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What causes a spark (Eletricity)

  1. Nov 11, 2012 #1
    Hi all,

    I am currently reading a book that tries to compare Hertz transmission and reception of radio waves with the photoelectric effect. (I am aware that Hertz discovered the photoelectric effect and what it is although not why it occurs).

    The book states that; the magnitude of sparks produced at the spark gap during transmission was greater when electromagnetic radiation (Ultraviolet) was being projected towards the spark gap.

    So now I hope you can see my need to understand what causes a spark. I have searched the web but too many suggestions left me confused. So I was wondering whether someone might be able to help.

    Thank you.
     
    Last edited: Nov 11, 2012
  2. jcsd
  3. Nov 11, 2012 #2

    ZapperZ

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    You actually are mixing, and probably confusing, two separate phenomena here.

    One is the photoelectric effect, the other is your "spark". They are two different things, even though when combined, the photoelectric effect can "enhance" the formation of such sparks.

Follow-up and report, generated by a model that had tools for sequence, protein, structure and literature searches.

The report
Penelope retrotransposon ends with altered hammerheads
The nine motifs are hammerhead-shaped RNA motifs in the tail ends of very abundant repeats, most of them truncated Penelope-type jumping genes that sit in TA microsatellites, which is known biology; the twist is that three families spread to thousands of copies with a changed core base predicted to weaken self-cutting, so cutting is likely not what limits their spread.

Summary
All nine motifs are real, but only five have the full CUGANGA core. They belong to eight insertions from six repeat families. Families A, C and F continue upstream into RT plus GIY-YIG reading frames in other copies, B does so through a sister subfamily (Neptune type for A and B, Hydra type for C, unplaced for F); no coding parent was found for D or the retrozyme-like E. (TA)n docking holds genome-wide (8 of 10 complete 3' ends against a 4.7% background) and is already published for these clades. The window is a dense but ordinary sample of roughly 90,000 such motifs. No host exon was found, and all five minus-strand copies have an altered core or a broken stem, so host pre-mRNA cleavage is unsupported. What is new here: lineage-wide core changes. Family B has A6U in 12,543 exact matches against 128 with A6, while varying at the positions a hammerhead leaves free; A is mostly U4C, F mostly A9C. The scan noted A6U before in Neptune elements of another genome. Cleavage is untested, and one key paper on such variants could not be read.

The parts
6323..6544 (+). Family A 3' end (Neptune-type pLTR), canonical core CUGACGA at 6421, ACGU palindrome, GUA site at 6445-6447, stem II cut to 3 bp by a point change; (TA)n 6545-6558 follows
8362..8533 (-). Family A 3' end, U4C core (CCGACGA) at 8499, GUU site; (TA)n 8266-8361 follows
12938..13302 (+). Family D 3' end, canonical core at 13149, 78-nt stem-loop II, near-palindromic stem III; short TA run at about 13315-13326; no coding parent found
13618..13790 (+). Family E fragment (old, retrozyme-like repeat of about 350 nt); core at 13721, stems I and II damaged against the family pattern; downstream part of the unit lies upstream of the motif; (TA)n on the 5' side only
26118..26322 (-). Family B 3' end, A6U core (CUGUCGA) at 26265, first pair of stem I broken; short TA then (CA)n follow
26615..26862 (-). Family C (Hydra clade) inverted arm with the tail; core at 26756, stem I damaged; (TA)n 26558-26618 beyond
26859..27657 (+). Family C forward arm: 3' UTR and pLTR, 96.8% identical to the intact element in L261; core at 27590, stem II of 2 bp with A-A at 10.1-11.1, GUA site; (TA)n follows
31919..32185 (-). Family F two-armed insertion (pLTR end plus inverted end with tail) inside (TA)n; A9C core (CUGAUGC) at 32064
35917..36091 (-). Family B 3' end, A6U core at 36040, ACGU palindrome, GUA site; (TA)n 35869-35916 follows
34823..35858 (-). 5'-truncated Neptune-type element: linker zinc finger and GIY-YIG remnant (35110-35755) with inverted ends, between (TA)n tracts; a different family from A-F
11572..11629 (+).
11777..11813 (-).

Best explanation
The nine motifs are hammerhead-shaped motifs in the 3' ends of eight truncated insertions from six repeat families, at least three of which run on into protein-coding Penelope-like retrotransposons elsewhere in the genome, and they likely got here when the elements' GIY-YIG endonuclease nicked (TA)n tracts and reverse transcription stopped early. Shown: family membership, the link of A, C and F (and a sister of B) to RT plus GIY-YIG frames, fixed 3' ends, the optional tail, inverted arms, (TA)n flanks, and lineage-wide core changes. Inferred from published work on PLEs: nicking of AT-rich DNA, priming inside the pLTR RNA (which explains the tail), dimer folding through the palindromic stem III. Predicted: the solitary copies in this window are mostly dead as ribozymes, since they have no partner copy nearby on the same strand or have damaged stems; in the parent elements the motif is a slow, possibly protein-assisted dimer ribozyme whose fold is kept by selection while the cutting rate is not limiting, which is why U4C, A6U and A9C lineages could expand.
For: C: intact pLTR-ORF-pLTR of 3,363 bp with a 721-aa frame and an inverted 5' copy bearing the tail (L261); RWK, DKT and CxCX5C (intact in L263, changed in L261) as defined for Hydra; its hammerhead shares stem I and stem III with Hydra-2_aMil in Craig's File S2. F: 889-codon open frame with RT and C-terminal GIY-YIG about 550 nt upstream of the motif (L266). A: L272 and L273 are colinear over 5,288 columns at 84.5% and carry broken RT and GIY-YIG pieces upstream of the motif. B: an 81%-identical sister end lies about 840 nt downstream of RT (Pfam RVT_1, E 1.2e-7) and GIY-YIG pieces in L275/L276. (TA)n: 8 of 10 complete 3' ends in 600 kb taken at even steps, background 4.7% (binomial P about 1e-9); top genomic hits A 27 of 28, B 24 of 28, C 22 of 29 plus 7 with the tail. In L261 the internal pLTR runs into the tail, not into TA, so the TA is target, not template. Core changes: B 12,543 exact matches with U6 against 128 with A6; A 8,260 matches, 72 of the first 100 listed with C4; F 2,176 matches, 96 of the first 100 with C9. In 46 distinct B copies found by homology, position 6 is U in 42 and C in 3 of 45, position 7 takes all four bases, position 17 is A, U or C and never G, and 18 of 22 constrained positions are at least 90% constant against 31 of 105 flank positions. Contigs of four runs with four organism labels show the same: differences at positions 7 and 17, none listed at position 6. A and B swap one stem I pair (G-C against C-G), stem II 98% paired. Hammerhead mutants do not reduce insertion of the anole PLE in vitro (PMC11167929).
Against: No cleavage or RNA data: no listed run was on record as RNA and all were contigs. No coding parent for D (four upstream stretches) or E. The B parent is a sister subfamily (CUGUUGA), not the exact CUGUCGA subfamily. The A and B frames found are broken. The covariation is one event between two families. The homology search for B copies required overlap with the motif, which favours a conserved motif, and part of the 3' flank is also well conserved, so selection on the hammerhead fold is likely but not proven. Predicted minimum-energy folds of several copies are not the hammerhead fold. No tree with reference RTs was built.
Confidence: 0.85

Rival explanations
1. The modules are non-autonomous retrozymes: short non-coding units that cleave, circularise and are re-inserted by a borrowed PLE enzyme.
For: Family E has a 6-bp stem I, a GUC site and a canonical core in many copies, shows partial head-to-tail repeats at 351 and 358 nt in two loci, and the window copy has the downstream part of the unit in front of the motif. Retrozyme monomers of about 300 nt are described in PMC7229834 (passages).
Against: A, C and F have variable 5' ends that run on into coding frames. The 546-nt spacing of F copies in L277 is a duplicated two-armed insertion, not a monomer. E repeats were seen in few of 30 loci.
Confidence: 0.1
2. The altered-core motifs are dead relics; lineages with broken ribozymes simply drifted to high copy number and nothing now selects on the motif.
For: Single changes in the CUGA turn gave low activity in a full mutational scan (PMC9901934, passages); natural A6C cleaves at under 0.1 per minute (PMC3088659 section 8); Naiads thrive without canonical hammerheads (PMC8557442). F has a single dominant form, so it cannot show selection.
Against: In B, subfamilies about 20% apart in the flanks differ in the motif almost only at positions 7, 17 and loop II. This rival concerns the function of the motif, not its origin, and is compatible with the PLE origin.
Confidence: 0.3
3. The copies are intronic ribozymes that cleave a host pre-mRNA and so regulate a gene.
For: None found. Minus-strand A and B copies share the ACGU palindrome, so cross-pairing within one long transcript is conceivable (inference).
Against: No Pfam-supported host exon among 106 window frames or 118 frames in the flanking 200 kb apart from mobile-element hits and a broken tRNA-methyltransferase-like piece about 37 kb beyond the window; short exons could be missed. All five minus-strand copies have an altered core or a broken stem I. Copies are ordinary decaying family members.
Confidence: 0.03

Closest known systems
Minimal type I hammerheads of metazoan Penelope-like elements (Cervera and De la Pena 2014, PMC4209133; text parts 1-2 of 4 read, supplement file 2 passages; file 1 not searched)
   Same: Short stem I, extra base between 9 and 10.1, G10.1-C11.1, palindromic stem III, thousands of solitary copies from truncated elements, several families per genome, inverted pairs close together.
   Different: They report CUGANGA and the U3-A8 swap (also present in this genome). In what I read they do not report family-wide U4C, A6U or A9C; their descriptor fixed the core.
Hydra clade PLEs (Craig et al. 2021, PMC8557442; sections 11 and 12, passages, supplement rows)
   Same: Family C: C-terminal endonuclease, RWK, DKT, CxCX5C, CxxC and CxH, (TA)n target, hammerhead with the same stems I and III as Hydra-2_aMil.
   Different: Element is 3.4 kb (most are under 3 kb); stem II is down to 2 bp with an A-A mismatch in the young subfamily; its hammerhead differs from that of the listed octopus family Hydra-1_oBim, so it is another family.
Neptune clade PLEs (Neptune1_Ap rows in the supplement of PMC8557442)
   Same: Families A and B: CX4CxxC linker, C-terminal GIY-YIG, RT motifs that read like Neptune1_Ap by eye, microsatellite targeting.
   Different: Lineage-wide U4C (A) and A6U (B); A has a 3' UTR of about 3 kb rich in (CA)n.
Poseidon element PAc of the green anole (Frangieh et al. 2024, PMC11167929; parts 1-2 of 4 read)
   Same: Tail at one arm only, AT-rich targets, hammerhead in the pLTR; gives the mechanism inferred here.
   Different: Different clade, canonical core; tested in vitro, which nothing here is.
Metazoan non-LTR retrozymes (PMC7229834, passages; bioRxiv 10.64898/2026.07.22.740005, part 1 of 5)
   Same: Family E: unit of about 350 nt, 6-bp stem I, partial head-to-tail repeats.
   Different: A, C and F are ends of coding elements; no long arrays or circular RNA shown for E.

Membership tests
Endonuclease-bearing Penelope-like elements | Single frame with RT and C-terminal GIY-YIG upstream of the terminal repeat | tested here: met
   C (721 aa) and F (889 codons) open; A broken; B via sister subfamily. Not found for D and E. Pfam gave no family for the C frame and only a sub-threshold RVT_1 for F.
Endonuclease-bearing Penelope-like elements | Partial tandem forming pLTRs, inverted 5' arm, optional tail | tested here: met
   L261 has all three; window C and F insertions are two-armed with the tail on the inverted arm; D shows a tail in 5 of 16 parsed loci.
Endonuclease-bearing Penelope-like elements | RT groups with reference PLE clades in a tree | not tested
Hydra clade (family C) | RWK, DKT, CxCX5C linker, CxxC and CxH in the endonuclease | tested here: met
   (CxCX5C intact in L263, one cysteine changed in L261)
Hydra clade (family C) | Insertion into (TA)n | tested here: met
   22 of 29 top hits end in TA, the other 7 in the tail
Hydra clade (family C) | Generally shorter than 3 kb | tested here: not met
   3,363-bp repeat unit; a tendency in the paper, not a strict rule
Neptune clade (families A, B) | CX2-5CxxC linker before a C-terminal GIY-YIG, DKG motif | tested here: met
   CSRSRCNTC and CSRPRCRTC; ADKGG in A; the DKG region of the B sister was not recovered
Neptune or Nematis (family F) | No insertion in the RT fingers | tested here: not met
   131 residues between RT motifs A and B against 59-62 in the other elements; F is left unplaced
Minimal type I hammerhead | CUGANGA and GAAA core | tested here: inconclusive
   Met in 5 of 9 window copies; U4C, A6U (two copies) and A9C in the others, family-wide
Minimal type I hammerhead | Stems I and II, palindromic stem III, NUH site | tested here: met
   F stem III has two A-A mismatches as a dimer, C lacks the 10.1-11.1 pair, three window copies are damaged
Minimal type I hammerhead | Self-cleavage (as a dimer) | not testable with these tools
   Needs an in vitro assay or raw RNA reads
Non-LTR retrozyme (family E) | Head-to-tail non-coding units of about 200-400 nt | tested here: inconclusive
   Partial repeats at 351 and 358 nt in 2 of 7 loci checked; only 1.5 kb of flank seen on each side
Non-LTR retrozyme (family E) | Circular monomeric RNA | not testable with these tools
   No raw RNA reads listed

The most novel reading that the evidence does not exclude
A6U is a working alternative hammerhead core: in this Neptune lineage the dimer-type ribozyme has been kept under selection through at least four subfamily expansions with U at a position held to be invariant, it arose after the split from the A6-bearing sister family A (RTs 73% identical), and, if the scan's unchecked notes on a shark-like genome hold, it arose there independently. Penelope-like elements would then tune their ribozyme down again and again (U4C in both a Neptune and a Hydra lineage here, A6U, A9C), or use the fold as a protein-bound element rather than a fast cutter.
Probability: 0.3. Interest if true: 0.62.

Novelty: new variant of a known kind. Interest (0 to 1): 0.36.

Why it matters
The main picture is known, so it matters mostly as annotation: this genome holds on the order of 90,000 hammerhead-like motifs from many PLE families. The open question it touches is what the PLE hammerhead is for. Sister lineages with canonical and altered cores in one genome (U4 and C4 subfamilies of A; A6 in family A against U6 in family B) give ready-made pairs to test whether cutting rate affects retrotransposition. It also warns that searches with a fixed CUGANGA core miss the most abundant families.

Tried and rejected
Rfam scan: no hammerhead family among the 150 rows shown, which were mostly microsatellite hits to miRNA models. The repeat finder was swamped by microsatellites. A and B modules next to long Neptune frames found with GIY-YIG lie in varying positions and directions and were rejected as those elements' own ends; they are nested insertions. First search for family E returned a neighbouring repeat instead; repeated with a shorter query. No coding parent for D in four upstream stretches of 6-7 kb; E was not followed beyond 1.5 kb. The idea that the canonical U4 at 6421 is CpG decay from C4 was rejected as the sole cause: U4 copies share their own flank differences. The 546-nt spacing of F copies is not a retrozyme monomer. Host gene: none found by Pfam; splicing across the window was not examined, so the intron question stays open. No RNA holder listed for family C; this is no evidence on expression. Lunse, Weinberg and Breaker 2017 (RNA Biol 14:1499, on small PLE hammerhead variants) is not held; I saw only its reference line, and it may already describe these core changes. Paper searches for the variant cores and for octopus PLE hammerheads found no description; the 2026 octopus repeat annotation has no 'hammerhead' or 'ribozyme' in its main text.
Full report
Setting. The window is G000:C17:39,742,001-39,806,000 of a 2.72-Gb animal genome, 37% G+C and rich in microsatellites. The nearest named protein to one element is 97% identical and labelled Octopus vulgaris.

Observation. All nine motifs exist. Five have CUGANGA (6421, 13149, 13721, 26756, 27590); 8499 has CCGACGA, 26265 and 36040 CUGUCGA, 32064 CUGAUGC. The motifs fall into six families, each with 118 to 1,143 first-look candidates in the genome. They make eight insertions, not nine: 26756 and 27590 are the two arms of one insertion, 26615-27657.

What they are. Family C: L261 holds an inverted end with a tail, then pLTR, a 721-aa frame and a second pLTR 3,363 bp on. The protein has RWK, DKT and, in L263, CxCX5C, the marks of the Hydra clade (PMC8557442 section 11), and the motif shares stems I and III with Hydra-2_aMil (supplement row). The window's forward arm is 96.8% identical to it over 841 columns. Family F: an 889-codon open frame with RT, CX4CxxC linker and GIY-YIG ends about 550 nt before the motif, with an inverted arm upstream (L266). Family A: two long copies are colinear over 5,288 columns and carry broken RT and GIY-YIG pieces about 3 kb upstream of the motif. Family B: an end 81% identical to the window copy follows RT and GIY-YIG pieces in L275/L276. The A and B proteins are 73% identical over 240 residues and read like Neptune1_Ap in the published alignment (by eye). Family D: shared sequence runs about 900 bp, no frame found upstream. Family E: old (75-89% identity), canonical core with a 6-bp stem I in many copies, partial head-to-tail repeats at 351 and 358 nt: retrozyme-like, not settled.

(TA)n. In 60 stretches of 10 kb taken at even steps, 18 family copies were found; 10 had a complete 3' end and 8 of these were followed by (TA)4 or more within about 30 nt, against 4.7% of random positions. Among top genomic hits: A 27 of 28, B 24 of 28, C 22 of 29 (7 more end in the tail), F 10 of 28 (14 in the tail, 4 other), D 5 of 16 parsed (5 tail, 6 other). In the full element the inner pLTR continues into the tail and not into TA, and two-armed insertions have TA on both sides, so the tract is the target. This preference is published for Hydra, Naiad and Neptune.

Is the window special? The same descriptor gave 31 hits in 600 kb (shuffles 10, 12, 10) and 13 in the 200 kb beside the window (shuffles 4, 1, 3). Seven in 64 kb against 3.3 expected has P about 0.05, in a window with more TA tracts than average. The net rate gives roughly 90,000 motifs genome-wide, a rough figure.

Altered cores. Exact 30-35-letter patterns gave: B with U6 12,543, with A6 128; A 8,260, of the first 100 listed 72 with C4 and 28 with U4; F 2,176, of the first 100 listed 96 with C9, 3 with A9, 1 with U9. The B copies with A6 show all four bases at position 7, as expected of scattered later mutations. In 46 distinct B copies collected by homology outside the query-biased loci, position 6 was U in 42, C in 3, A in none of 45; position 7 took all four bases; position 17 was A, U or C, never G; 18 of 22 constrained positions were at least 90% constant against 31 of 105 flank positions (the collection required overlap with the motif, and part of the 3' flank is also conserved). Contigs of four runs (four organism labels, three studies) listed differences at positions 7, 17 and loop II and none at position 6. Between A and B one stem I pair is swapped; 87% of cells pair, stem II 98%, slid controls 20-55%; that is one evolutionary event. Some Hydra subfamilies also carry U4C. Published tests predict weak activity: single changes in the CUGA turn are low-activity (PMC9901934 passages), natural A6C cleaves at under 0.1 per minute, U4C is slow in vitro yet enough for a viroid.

A spark, or breakdown phenomena in air, is often thought to be initiated by a "field emission". This is where, when a surface is under a high electric field, an electron (typically a conduction electron in a metal) tunnels through the surface barrier, escapes from the bulk material, and then ionizes the air molecules to cause a "cascade" effect. This sets up a transient plasma and bam! You see a spark.

    Now, this "barrier" that the electron has to tunnel through is associated with something called the "work function". This is where we connect to the photoelectric effect. If while all this tunneling is going on, and you shine a light on the surface, even if this light has energy less than the work function, what it is doing is it is "assisting" some of the electrons to be in energy states closer to the vacuum state. When that happens, these electrons will have LESS of a barrier to tunnel through, and thus, increase the probability of field emission. Consequently, you tend to get more sparks, or sparks can occur more easily.

    Zz.
     
  4. Nov 11, 2012 #3
    Thanks a lot. You've helped a lot.
     
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